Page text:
What is a Conservation Easement?

A conservation easement is a legally enforceable agreement between a landowner and a qualified land conservation organization. The landowner permanently separates certain development rights from a parcel of land by granting the easement, and, in exchange, the conservation organization agrees to monitor the land annually to ensure that the conservation values are being protected.

The easement is recorded in the county records so that all future owners will learn about the restrictions when they obtain title reports. Most often, conservation easements are donated along with a monetary contribution to the land trust to partially cover the costs of long-term stewardship.

Conservation Agreements Can Vary

Voluntary conservation agreements vary widely. For example, an agreement to protect rare wildlife habitat might prohibit any development, while one to protect the scenic and historic values of a farm might allow continued farming and the building of additional agricultural structures. An agreement may apply to just a portion of the property, and need not require public access.

Charitable Mission Must Fit

A conservation donation requires not only a willing donor, but a qualified conservation organization to accept the donation. That organization needs to be able to show that the donation closely fits its particular charitable mission. A land trust will not accept a donation that does not fit its mission and purposes.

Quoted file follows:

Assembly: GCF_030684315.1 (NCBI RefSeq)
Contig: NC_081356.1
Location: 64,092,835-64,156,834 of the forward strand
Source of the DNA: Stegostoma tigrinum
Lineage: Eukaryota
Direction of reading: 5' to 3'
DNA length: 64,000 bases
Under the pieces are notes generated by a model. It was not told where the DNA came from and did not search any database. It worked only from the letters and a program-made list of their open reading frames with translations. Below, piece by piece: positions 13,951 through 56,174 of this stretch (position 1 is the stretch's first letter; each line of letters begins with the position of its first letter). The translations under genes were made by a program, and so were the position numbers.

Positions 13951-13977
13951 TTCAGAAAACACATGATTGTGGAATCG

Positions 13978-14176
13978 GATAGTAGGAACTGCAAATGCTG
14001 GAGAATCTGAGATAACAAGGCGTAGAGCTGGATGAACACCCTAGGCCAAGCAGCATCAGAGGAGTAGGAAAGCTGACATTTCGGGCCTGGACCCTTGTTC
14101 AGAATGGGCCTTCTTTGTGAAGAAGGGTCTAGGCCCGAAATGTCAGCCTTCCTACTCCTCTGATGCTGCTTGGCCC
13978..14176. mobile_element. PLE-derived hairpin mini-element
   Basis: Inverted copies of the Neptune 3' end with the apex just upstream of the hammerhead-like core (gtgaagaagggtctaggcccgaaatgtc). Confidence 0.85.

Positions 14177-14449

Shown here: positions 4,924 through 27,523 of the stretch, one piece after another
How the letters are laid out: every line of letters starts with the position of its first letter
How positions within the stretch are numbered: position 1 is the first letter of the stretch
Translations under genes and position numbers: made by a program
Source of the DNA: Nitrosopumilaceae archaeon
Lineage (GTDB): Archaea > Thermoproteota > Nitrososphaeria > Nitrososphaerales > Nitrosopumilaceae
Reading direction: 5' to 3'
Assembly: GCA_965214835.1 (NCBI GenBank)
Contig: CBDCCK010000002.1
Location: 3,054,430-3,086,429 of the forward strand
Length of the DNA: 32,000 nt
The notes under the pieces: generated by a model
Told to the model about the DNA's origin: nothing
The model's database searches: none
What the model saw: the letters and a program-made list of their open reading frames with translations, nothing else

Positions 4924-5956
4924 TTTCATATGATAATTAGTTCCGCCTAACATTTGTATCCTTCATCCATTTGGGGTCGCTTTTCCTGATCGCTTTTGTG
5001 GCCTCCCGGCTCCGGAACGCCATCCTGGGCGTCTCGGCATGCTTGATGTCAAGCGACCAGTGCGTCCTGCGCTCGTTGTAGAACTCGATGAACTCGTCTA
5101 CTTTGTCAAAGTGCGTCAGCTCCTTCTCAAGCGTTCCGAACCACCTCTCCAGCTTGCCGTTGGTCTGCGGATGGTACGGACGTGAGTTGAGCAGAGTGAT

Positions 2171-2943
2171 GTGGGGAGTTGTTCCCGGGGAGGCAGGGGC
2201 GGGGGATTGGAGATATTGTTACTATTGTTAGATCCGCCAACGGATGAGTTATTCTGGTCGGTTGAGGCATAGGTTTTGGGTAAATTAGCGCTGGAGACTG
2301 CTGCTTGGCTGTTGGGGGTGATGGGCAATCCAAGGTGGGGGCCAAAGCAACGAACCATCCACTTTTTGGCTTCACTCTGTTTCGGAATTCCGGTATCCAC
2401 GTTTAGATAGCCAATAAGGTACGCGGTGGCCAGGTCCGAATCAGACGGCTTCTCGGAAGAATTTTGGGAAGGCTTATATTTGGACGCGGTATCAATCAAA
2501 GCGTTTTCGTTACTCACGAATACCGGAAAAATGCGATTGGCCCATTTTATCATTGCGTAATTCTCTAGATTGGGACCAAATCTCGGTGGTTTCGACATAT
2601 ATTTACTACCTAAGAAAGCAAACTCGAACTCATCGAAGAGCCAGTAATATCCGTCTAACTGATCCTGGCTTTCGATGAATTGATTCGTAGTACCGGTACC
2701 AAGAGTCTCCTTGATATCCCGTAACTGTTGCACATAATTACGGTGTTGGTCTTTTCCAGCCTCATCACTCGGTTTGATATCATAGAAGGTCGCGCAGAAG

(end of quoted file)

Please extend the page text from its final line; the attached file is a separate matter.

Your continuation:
Limiting Development Potential

A voluntary conservation agreement can help a landowner pass land on intact to the next generation. By limiting the land’s development potential, the agreement lowers its market value, which in turn lowers estate tax. Whether the agreement is donated during life or by will, it can make a critical difference in the heirs’ ability to keep the land intact.

Tax Credits

If a conservation agreement benefits the public by permanently protecting important conservation resources and meets other state and federal tax code requirements, it can qualify for Colorado tax credits or as a federal tax-deductible charitable donation. The amount of the donation is the difference between the land’s appraised value with the agreement and its value without the agreement.


To qualify as a charitable donation, a conservation agreement must be permanent and meet other specific requirements discussed at: www.lta.org/incentive-faqs. A landowner should get professional financial planning and legal advice before making such a major donation.